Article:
‘Neither Virtue Nor Anger’ by Sonic Jesus, is perhaps 2015’s most eagerly anticipated debut LP, certainly for those fortunate souls who take their music with more than just a pinch of gravitas.
Few releases have me contemplating the juxtaposition of Platonist preponderance over Aristotle’s ‘Ethica Nicomachea’, combined with Blake’s adherence that “there is no suffering except in the eyes of the uninformed”, positing “desire as an indication of man’s infinite nature”, and “that thought be linked to the vast imagination rather than a limited perception”.
Sonic Jesus are one of those rare bands to truly spark the “vast imagination”. Their audacity in releasing a double vinyl debut album, that they describe as a “manifesto” is to be applauded, a feat reserved for those boldly eschewing any faintness of heart. Proselytising all doubters.
Formed by Tiziano Veronese and Marco Baldassari, and augmented live by Simone Russo, Giuseppe Guratti & Fabio Perciballi, their eponymous 2012 EP immediately heralded an apparent second coming.
Sonic Jesus describe their sound as “a mix of colors and music which experiences the sound of the sixties, folk music, shoegaze and kraut nuances, a self-aware and passionate sound who has travel and discovery as its own identity”.
My epiphanous discovery of, and identification with the band commenced in January 2014 courtesy of Fuzz Club‘s Casper Dee. It has been a genuine delight and a privilege to have witnessed their performance at Eindhoven Psych Lab last June, their LP launch in London a week past Thursday, reviewed here, and to now usher in their genre-defying yet moment defining watershed debut album.
The album title alone is a tour de force, ‘Neither Virtue Nor Anger’ conjures images of an old school, heart and dagger tattoo emblazoned across the primordial figure of the Old Man Of The Sea, a water god signifying knowledge and transformation.
Then there is the sumptuously packaged double splatter vinyl with trifold cover LP sleeve, crowned with Mirco Marcacci’s luscious interpretation of Bernini’s sculpture, ‘The Ecstasy Of Saint Theresa’. Within are similar renderings by Marcacci of Tiziano and Marco. Among the sleeve notes attests, “All songs written and performed by Tiziano Veronese” and “All lyrics written and lived by Marco Baldassari” – the key word here being “lived”, the songs convey life lived with passion and passion is what separates us from the beasts, four legged or two…
The anticipation, the title and the sleeve however, can scarcely contain the trumpeting heralds within, the sonic bombast that is ‘Neither Virtue Nor Anger’ will shake the proverbial “Walls Of Jericho” of the musical firmament.
A1 ‘Locomotive’, showcases Veronese’s lyrical range, the emotive vulnerability yielding before fusing with the rising, then cascading, crushing riff; A2 ‘Triumph’, is a distorted vocal, driving tempo, gothic banquet; A3 ‘Reich’, “In My Lux Ich Bin Victim Of This Reich” – swirling organ hues, pounding convulsive defiance, tyranny overthrown, underpinned with a distinctive, MDME SPKR aka Laurie Battie chiaroscuro vocal; A4 ‘Sweet Suicide’, invites enveloping surrender, and feels analogous with Ian Curtis’ peerless appeals to earthly submission; B1 ‘Dead’, is a bouncing skipping, candy skull helter skelter ride, belying it’s title to such a degree as to suggest Jón Sæmundur’s mantra that, “He Who Fears Death Cannot Enjoy Life”; B2 ‘Paranoid Palace’, conjures carnival masquerade, laced with distortion and disorientation; B3 ‘Drift 22’, throbs with malevolent, strident insistence; B4 ‘Lost Reprise’, is here given a makeover courtesy of a Francesca Pizzo of Melampus lilting vocal, the earlier incarnation featured on the Fuzz Club Split Single No 5 release with The Black Angels, had inspired me then to write that it was a, “delicious drone layering, joined by a plaintive, rich vocal akin to a relentlessly mesmeric siren song”. Marco later forwarded the lyrics, which are reproduced below with his kind permission…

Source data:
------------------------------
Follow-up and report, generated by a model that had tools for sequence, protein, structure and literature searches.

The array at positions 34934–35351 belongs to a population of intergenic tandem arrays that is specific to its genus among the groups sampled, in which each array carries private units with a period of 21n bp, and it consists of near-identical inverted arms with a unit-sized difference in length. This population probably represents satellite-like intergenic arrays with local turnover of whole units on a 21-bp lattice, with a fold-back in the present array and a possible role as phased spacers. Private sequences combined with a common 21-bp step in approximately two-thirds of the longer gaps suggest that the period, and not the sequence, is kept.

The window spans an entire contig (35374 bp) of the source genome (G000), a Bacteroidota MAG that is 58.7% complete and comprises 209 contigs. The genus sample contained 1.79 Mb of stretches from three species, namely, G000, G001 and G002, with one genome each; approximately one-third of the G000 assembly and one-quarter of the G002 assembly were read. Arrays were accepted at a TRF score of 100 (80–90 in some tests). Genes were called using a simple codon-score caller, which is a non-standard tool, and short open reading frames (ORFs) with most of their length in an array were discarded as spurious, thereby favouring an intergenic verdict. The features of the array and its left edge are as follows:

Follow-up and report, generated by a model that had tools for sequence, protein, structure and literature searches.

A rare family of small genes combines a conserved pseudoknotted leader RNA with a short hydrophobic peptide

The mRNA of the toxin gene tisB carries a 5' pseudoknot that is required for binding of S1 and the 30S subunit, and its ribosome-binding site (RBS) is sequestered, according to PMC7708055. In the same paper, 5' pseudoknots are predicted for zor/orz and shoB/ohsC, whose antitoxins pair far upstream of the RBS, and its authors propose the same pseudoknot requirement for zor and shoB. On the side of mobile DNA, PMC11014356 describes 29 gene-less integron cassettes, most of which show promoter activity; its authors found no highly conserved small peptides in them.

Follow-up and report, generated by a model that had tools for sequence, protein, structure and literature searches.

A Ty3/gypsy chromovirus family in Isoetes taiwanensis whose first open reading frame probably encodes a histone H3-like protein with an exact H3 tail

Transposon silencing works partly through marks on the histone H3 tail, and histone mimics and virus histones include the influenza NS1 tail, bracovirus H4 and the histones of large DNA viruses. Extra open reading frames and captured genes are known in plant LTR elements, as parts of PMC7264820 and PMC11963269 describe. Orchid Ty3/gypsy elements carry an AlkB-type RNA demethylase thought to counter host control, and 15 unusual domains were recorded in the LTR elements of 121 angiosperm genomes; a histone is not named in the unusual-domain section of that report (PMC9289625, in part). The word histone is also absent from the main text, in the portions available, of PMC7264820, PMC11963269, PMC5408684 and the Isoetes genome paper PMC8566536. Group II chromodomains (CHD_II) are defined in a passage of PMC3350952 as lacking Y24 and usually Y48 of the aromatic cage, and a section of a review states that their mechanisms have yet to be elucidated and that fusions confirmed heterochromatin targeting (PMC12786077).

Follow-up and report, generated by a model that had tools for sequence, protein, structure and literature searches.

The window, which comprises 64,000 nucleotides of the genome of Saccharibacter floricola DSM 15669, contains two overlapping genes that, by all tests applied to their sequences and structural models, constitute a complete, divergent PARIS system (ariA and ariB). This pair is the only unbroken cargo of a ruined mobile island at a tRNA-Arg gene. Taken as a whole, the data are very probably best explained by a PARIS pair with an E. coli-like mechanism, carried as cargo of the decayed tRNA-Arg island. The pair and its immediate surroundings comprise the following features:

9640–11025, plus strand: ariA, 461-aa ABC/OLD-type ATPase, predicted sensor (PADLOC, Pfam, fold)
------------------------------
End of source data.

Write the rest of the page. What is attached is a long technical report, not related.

C1 ‘Monkey On My Back’, with it’s Burroughs’ intro, “When I become Death, Death is the seed from which I grow”, perhaps evokes Eric Detzer’s book of the same name, as a melancholic, cautionary tale on addiction and excess; C2 ‘Whore Is Death’, is a metronomic tribal rhythm scored, paean to duplicitous deceit; C3 ‘My Lunacy’, a shamanic desert ritual with a split personality; C4 ‘Luxury’, a sparsely arranged portentous warning, the pursuit of earthly delights tumbling the listener into a Boschian hellscape; D1 ‘Cancer’, is a discordant kaleidoscopic enmeshed anthem, brimming with simmering tension; D2 ‘Telegraph’, conjures wide-screen images of clashing cultures, modernity’s technological destruction of ancient wisdom; D3 ‘Underground’, a snarling love and courage danse macabre; D4 ‘Kali Yuga’, in the legendary Sanskrit scriptures is a time of wickedness and vice, it’s downfall ushering in the new Satya Yuga or golden age of truth. This rapturous choral celebratory finale, points more toward the Satya than the Kali, “Neither Virtue Nor Anger” – feel the agony and the ecstasy…
I have it on the very best authority that “Neither Virtue Nor Anger” could just as easily have been a triple album, should anyone out there need reassurance as to what Sonic Jesus may yet have to offer.
What I particularly love about Sonic Jesus is that they bring all of everything in their pantheon to bear on each and every track, they do so with a nuanced deftness of touch, ensuring only that which is desired from their weltanschauung registers.
“Neither Virtue Nor Anger” is available from the Fuzz Club Records Store.
For the time being and in terms of this current release, I will leave the final summation to William Blake, “what is now proven was once only imagined”…